NEW NORMAL - The six big things we've learned about hybrid work so far
Hybrid work is a big, ongoing experiment. But we’re finally starting to draw at least some conclusions.
Experts, businesses and workers alike have spent the past two years touting hybrid work as ‘the future’. And now, it seems, the future is here.
As many countries have eased pandemic-era restrictions, enabling employees to resume in-person work, the choice for many companies has been a hybrid set-up: a combination of in-office and remote days. Although it’s true a small number of companies have pivoted to entirely distributed models, an overwhelming number of bosses have called for their employees to start spending at least some time back at their desks.
As a result, we’re starting to learn what hybrid work actually means – at least to some extent. We’re past the point at which hybrid work was a fuzzy concept, and now have both research and worker experiences to understand more about what it means for people to work in hybrid environments, as well as what works and doesn’t.
So, as workers have returned to offices in growing numbers, here are some of the biggest things to know about our hybrid-work reality.
Many companies are trying 3-2 or 2-3 set-ups – but it’s not going seamlessly
One of the biggest decisions companies have had to take is how many days a week they’ll ask employees to be in the office. Companies embracing hybrid work have made many different moves, some requiring as few as a single day at the HQ, with others asking for four (often in more rigid industries, such as finance and consulting).
In a move for balance, many companies have tried policies bringing people back three days per week with two remote days (3-2), or two office days and three remote days (2-3). Google was among the high-profile companies who embraced 3-2 in early days, bringing workers back in April. But although some workers are happy to spend two or three days in the office – particularly those who are feeling isolated amid remote work or who simply don’t like being at home at all – these set-ups are not wholly going well across the board.
In some cases, workers who once saw three in-office days as a sweet spot have changed their minds as they’ve settled into remote work as the norm; other workers have never wanted to go back, and they’re making noise. Some employees are even leaving companies forcing their return; in the highest-profile case, Apple lost top-tier talent (and still hasn’t officially brought people back, though it’s unclear whether the extension of their remote policy is related to staff feedback).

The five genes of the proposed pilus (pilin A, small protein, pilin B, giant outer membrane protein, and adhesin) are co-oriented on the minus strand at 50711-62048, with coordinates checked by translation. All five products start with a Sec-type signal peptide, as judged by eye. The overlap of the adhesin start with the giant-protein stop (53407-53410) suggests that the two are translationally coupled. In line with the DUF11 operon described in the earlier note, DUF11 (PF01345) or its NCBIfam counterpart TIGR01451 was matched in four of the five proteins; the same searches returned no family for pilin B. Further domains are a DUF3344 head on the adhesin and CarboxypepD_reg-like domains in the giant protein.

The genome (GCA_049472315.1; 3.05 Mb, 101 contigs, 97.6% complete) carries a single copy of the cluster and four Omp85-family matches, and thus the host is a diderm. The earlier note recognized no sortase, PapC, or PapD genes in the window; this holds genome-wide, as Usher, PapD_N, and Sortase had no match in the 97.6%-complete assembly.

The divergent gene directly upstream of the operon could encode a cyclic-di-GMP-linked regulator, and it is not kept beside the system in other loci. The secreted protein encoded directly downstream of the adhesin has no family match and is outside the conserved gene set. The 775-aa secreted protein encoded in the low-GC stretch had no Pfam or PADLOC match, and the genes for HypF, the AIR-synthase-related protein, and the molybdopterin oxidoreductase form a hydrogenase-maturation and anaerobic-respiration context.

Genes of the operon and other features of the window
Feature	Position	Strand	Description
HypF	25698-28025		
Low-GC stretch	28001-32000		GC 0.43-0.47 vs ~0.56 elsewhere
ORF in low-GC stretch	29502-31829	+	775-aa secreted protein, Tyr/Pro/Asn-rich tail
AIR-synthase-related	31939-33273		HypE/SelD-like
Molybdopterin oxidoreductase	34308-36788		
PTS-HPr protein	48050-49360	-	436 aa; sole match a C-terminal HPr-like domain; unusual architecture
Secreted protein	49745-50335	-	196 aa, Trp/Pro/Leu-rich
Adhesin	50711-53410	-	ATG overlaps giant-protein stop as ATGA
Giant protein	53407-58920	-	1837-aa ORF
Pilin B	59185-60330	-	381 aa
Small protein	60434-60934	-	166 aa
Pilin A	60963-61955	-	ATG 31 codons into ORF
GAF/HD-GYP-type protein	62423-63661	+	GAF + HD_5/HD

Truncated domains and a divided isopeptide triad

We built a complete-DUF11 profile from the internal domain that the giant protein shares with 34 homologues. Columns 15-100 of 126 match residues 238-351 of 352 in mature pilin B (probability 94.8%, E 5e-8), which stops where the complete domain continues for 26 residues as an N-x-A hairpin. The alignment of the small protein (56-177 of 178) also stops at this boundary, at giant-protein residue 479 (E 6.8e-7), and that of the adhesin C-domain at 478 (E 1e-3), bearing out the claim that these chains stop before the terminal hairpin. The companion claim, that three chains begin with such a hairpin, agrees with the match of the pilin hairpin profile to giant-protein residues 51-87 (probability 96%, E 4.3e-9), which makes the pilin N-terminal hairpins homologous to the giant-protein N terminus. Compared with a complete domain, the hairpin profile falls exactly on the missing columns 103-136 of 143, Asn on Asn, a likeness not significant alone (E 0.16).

Many workers – and subsequently companies – are calling these meet-in-the-middle set-ups ‘duds’. And research is beginning to bust the idea that approximately three days is the right in-office number: according to April 2022 Harvard Business School research, the sweet spot for office days may, in fact, be as few as one.
Hybrid work uptake is very different within companies
Even as companies make plans for when workers are coming back, there’s really no one-size-fits all model across a business. There are a few reasons for this.
First, some business functions mean groups or entire departments of workers aren’t offered any remote options – think people who work in research and development, or those who are client-facing. Additionally, on the other end, some companies are turning positions that used to have an in-office component entirely remote. This means hybrid rollouts are often uneven, even within a single organisation.
That’s not necessarily a bad thing. In some cases, these different situations mean companies are building in personal accommodations for workers, letting them enjoy some of the flexibility they’ve had over the past two-plus years – something that’s been a key desire for workers. According to June 2022 McKinsey research, this is especially positive for women, who take more remote time than men if they’re given the option (3.1 days per week versus 2.9 days, respectively).
However, there is a downside to this: the same research shows men are more likely to be offered remote work than women. And some workers are reporting being denied the customised arrangements other colleagues are getting, which can create tension and even stoke resentment. Additionally, handfuls of employees are going quietly off script: some workers report that colleagues – particularly managers – are abusing remote-work privileges, not heeding calls to return while their subordinates are.